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First, individuals may possess variations in the single DNA letters within genes. In some cases, this type of variation may be regarded as a harmful mutation that affects proper functioning of the corresponding protein and increases the risk of developing diseases (Figure 1D and 1G). For example, it is known that women with certain single letter variations in the BRCA1 or BRCA2 genes have a 5-fold increased risk for developing breast cancer when compared to those without the variations (1). Identification of these single letter variations can act as good markers that are diagnostic of individuals’ risk to specific diseases.

A second type of variation that can be detected is the differences in abundance between genes; these are referred to as copy number difference (Figure 1E). These variations can be found by summing up all the reads which align to a given gene and then comparing that number to the number of reads for other genes. Variations in gene abundance levels have been linked to the pathogenesis of autoimmune, inflammatory, and neurological disorders, as well as cancer progression (2). In the latter case, copy number difference variations can indicate a good or poor prognosis and can help determine treatment options (Figure 1H).

A third type of variation that can be detected using HTS data is called gene fusion (Figure 1F). A gene fusion occurs when there are breaks in the genome and two normally separated parts of the genome are joined together. In the rare event the breaks occur within genes, the two genes can be joined to one another. Aligned reads, which are split between both genes (also known as split reads), can be used to detect these gene fusion events. Identifying these gene fusions can facilitate development of novel targeted therapies for treating disease (Figure 1I). For example, over 90% of chronic myeloid leukemia is characterised by the fusion of the BCR and ABL genes. The fused gene codes for a chimeric protein that is specifically targeted by the drug Gleevec (3).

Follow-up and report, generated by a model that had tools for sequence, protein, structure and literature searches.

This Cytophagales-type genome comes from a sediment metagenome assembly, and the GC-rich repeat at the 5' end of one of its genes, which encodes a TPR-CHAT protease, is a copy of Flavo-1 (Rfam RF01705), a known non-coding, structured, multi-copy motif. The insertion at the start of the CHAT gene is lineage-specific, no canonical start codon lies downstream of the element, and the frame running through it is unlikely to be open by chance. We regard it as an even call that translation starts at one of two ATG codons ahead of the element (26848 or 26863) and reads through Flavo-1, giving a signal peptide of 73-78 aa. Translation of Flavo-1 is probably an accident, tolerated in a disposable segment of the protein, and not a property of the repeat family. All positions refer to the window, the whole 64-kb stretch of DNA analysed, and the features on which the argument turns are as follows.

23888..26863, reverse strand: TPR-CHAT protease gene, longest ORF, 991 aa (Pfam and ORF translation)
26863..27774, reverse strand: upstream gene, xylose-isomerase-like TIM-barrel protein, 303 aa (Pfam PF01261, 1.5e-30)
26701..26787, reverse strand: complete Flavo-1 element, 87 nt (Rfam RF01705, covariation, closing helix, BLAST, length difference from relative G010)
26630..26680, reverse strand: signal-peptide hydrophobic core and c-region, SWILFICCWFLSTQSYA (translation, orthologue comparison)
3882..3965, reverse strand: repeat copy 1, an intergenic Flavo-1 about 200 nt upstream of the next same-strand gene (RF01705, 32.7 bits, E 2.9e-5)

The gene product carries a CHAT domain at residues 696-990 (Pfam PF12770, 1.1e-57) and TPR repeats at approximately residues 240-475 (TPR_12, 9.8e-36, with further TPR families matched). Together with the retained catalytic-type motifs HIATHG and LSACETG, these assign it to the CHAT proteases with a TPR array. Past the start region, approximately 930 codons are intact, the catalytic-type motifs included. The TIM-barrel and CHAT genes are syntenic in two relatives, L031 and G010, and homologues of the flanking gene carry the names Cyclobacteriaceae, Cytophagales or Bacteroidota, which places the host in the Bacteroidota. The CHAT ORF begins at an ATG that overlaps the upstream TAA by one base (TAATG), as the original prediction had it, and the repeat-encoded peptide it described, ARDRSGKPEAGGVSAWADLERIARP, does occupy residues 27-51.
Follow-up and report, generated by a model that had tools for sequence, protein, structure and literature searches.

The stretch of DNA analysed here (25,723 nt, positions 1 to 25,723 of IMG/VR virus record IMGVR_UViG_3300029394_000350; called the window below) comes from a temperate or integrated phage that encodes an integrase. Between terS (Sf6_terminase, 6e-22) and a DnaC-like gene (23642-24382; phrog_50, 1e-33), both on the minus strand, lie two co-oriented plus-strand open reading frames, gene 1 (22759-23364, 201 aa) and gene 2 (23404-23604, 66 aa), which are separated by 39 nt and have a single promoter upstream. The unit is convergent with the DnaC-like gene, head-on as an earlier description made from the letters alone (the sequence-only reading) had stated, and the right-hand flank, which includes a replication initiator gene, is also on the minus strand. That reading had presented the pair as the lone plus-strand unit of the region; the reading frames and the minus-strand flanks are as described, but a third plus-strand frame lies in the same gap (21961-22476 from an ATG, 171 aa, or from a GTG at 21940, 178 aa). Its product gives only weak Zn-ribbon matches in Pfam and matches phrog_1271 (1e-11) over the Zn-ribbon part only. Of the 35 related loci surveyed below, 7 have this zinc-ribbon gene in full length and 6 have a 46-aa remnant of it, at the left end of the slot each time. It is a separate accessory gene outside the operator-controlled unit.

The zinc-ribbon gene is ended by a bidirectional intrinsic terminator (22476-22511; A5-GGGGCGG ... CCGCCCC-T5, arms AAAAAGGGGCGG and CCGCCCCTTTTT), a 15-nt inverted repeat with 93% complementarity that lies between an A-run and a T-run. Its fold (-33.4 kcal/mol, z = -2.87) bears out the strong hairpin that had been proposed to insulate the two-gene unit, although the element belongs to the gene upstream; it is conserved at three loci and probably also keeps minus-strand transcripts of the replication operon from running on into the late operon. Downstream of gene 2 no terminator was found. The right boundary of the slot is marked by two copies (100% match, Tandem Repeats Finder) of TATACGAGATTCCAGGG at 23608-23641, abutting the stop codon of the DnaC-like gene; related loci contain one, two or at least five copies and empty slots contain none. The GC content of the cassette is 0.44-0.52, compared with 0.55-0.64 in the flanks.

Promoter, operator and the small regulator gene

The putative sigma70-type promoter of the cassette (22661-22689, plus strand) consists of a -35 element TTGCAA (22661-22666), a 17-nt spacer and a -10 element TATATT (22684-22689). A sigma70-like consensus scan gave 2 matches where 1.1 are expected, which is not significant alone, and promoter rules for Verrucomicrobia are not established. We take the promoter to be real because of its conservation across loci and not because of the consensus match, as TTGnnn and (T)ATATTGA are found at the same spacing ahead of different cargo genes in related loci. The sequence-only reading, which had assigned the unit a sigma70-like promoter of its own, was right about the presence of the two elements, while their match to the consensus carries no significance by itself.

HTS technology promises to revolutionize discoveries in biological and biomedical research. Large-scale sequencing efforts, such as the 1000 Human Genome Project (4) and the International Cancer Genome Consortium (5), will provide the genome sequences of thousands of individuals and help uncover genomic variations associated with diseases such as cancer. Undoubtedly, identification of these variations will lead to novel avenues for diagnosis, prognosis and treatment, and will ultimately improve patient care.

References:

  1. [BRCA1 & BRCA2: Cancer Risk and Genetic Testing. National Cancer Institute. Retrieved from http://www.cancer.gov/cancertopics/factsheet/Risk/BRCA
  2. Fanciulli M, Petretto E and Aitman T (2010). Gene copy number variation and common human disease. Clinical Genetics, 77: 201-213.
  3. Imatinib mesylate (Gleevec). National Cancer Ins­titute. Retrieved from http://www.cancer.gov/clinical­trials/conducting/gleevec
  4. 1000 Genomes: A Deep Catalogue of Human Genetic Variation. Retrieved from http://www.1000genomes.org/
  5. International Cancer Genome